The countries of the South American Common Market (MERCOSUR) and the European Union agreed to resume the stalled negotiations on a free trade trade agreement at the Mercosur summit in Uruguay.
“We (the EU and MERCOSUR) agreed to resume next year negotiations on a trade agreement at the level of economic ministers, which are now almost interrupted due to a divergence of parties,” Joaquin Almunia, EU Commissioner for Economic and Financial Affairs, said at a press conference (Joaquin Almunia).
“We have serious disagreements, but I’m sure that we can overcome them,” he added.
Mercosur unites 250 million people and more than 75% of the total GDP of the Latin American continent. It includes Argentina, Brazil, Paraguay, Uruguay and Venezuela, and as associate members – Chile, Bolivia, Colombia, Ecuador and Peru.
Over the past few years, the countries of the South American common market have put forward the abolition of subsidies to European agricultural producers as the main condition for concluding a free trade agreement with the EU. This will, in their opinion, facilitate the access of agricultural products from South America to the European market.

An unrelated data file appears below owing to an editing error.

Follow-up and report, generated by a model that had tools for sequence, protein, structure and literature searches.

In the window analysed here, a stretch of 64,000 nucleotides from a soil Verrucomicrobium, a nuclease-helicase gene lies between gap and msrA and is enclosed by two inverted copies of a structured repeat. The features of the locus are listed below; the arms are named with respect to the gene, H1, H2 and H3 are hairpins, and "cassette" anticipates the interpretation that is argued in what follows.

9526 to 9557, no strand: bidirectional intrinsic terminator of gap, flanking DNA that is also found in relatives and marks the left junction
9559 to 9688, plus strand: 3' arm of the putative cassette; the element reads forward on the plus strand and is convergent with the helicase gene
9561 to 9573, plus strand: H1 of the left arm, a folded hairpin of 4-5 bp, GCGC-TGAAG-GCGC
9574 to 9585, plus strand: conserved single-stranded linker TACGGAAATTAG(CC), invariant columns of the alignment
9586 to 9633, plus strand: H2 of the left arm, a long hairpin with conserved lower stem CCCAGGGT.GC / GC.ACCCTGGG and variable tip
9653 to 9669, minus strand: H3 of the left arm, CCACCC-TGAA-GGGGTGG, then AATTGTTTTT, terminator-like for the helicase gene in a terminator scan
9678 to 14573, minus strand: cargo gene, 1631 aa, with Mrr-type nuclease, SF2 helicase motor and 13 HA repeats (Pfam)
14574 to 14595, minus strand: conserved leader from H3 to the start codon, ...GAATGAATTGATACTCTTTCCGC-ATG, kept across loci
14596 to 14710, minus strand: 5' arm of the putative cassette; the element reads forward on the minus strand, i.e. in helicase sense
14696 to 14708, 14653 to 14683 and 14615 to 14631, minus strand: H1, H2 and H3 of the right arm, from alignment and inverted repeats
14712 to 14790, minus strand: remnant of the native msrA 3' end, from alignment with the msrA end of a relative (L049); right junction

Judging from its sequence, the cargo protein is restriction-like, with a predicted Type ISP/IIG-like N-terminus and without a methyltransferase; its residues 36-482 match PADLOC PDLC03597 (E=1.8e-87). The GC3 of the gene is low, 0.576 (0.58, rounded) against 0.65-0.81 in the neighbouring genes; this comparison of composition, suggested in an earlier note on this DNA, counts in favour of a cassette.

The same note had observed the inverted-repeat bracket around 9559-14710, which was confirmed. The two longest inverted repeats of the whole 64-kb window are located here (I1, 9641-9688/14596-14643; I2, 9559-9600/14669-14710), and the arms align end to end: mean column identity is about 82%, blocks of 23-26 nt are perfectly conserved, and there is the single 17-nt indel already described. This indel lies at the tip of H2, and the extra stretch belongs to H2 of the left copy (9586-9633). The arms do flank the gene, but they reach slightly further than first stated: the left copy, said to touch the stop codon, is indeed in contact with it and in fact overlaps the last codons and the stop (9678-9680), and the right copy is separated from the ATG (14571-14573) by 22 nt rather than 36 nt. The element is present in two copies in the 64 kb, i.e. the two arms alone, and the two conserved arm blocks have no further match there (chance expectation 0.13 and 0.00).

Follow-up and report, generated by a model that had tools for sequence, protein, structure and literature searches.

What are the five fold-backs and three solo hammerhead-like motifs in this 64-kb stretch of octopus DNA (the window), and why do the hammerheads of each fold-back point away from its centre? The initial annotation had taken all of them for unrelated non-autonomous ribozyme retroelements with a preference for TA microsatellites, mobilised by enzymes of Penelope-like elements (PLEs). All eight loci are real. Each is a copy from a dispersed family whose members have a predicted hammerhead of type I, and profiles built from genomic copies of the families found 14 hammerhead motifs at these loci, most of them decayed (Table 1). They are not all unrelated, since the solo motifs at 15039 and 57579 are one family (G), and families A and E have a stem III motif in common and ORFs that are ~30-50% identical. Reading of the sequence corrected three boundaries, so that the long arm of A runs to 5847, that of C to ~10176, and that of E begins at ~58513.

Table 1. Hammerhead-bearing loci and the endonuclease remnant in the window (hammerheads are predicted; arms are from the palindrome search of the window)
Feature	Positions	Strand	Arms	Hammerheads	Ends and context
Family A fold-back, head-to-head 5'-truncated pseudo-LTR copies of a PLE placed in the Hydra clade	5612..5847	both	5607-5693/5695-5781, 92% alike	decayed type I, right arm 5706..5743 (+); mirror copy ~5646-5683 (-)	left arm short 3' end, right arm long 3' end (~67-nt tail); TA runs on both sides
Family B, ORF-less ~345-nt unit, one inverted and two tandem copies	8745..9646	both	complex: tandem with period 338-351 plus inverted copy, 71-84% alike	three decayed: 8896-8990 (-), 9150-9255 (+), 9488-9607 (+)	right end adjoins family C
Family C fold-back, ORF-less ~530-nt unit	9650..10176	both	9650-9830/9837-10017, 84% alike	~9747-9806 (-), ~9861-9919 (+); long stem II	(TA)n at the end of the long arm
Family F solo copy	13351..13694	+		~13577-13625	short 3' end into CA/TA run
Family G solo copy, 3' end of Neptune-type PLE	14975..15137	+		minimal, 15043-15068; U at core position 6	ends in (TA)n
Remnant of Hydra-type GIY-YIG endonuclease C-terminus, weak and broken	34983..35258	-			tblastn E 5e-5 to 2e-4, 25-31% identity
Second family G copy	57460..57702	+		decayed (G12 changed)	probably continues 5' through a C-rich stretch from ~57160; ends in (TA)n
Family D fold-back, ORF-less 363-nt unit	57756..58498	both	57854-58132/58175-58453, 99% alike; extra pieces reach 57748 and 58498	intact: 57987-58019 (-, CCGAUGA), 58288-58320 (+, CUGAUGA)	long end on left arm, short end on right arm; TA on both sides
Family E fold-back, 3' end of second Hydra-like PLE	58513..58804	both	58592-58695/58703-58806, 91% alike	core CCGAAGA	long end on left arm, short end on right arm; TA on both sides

The European Union, for its part, insists on providing them with equal conditions when implementing investment projects in the MERCOSUR countries, as well as the possibility of participating in the privatization of state-owned enterprises and the services market.
Joaquin Almunia called on MERCOSUR countries to pursue a “predictable, clear economic policy with clear guarantees and not change the rules of the game depending on the political situation.”
The European Union has allocated Mercosur 50 million euros, which are planned to be used as part of the integration processes of the two largest economic blocks in the world. In 2006, the trade between them amounted to 60 billion euros, of which 36 billion euros accounted for the export of Mercosur countries.
EU investments in the economies of the countries of the South American common market in 2005 amounted to over 3 billion euros.
Uruguayan Foreign Minister Reinaldo Gargano said signing an agreement on the allocation of 50 million euros is an important step towards signing a free trade agreement.